The Definition of a hero is a person, typically a man, who is admired for courage or noble qualities. It's a definition that refers to one man when it comes to former National Baseball Congress players, only one name remains universally synonymous with the nearly eight decades of tradition of the NBC World Series--Leroy "Satchel" Paige. Thursday the NBC honored and paid tribute to the NBC's hero, Mr. Satchel Paige
Baseball's color barrier had yet to be broken while Paige was in his prime, so the Mobile, AL native spent year after year dominating the Negro Leagues. Paige reached the Negro Leagues at just 20-years-old when he signed with the Birmingham Barons in 1927. After overcoming some brief issues with control, Paige finished his rookie year with a 7-1 record and 69 strikeouts in 89.1 innings.
Paige is regarded as one of the most influential figures in baseball history. Not only was Paige considered one of the greatest pitchers of his era, but the flamethrowing right-hander was one of the biggest advocates of integrating Major League Baseball. After his time in Birmingham, Paige led pitching staffs in Baltimore, Cleveland, Pittsburgh, New York, and Memphis. Paige also spent 10 stellar years with the Kansas City Monarchs where he was a teammate of Jackie Robinson.
Paige was a five-time Negro League all-star, and helped the Monarchs win a World Series championship in 1942. Paige's legendary status drew so much attention, that other Negro League teams would rent his services for a game or two at a time to help improve their attendance.
Paige also played a major role in the art of barnstorming during the 1930's and 1940's. Before the advent of national broadcasts or the internet, it was difficult for fans in a particular city to see the game's best players from another. With the help of Bob Feller--who Paige is currently enshrined with in the Baseball Hall of Fame--Paige helped organize a team of Negro League all-stars that competed against the MLB's best in late-1946. 35 games were scheduled in 31 cities in 17 different states. Many of the contests were played in Major League ballparks, which played a vital role in the game finally accepting players of color the following year.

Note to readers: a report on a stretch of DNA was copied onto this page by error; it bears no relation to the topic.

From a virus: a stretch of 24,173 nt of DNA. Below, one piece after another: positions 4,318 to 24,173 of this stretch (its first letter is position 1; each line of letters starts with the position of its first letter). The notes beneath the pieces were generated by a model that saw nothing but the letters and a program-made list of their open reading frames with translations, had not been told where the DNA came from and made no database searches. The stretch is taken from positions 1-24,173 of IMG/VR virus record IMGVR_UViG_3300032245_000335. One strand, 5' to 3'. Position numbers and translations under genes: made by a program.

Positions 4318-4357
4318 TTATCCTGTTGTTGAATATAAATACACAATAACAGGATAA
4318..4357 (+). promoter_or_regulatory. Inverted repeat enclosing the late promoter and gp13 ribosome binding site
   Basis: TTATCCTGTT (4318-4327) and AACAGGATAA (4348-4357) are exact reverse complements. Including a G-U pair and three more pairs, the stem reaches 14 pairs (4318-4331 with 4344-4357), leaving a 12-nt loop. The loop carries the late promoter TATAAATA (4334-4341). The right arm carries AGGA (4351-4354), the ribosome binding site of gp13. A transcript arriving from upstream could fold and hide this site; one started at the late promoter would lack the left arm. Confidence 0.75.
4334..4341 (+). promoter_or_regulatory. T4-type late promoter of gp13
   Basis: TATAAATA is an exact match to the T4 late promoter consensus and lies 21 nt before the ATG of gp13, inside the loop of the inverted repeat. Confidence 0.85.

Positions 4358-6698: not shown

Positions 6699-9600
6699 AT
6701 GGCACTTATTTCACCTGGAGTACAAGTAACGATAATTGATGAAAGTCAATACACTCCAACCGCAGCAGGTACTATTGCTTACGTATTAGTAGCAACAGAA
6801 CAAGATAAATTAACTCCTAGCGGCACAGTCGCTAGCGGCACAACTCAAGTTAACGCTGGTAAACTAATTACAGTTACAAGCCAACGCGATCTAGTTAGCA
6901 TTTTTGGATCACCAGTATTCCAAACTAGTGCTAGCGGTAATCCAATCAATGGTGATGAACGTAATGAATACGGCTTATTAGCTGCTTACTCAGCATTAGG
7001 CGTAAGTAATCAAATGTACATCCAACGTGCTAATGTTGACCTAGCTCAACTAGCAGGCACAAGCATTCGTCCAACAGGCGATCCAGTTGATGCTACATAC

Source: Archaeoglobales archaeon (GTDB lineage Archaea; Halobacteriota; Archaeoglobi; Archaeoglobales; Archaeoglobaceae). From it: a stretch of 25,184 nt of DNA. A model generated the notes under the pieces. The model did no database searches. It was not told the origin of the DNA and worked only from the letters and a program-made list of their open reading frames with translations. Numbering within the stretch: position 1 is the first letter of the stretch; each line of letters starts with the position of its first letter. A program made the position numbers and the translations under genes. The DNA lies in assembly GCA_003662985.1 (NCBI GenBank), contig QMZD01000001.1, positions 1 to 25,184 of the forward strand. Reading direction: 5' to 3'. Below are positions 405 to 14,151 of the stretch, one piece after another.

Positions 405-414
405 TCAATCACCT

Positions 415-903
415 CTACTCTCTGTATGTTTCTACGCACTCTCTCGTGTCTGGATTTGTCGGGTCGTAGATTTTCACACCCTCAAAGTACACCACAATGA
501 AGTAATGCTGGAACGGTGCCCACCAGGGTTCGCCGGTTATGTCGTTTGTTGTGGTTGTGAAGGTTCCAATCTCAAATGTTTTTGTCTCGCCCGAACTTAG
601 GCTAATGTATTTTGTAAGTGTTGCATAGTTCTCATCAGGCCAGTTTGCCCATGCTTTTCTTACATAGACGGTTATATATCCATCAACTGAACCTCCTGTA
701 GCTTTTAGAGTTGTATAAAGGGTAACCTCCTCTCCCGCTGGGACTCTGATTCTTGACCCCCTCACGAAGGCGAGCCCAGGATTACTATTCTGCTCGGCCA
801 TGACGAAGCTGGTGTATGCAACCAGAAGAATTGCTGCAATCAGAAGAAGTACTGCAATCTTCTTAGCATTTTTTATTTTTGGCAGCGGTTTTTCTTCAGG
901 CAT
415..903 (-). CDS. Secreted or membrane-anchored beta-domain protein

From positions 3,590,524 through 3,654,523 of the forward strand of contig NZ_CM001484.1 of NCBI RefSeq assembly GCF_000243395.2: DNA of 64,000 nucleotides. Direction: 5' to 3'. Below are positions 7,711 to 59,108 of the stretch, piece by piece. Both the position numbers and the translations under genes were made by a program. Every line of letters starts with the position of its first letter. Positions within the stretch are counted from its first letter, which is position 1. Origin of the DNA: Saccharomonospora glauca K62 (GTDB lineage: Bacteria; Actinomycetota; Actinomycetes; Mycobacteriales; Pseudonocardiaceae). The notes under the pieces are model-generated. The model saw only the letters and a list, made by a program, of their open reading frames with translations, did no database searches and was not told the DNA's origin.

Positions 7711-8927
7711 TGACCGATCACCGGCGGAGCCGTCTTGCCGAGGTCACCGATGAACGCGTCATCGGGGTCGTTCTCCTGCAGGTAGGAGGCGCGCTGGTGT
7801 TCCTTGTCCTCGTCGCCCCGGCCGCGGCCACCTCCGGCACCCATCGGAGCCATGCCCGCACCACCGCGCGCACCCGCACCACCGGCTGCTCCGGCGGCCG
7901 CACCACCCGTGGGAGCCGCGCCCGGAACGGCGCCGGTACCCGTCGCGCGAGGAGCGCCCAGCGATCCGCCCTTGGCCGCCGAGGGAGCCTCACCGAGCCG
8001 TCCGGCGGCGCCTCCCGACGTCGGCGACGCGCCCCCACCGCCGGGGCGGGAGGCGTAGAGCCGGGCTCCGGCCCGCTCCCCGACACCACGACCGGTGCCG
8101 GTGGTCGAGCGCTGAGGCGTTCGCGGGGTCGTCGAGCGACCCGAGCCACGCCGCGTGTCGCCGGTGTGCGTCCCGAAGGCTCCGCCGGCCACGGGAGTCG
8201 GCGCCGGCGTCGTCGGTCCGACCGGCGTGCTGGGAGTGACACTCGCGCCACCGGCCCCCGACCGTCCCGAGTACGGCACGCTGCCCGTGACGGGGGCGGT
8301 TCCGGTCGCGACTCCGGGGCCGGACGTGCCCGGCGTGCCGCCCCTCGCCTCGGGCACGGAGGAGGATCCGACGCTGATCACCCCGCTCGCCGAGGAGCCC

On July 7, 1948--Paige's 42nd birthday--Satchel Paige signed his first Major League contract as a member of the Cleveland Indians. He became the first Negro League pitcher to join the MLB, and the seventh Negro League player overall. Despite becoming the oldest "rookie" in Major League history, Paige posted a 3.29 ERA in six Big League seasons, and helped the Indians win the 1948 World Series.
In 2010, Joe Posnanski of Sports Illustrated dubbed Paige the "hardest thrower in the history of baseball". Much of this was based on the following quotes from other Major League legends: Joe DiMaggio regarded Paige as the, "best he ever faced." Feller said Paige was, "the best he ever saw." Dizzy Dean recalled that, "Paige's fastball made his own look like a changeup."
So how does Paige's legacy tie into the greatest tradition in the City of Wichita? When NBC World Series founder Hap Dumont first developed the idea for the tournament, he felt the event needed a big name to draw interest during its first year. Fewer names at the time were bigger than Satchel Paige, so Dumont offered the ace pitcher $1,000 to bring himself and his barnstorming team from Bismarck, ND to compete in the inaugural NBC World Series in 1935. Bismarck bulldozed its way to a tournament championship, with Paige winning four games and striking out an astonishing 60 batters. Both figures remain tournament records 77 years later.
Paige's legacy in the NBC World Series paved the way for countless future Major Leaguers and Hall of Famers that have made the tournament what it is today. Paige is now immortalized in the stadium he helped make famous with his number "17" 1935 Bismarck Churchills jersey retired permenantly on the outfield wall.
Paige's daughter Linda Paige Shelby was on hand for the ceremony and expressed her appreciation for the honor, especially the honor taking place several years after her father's death. In addition to the jersey in right-center field, Linda Paige Shelby was also presented with both NBC and Kansas Baseball Hall of Fame plaques.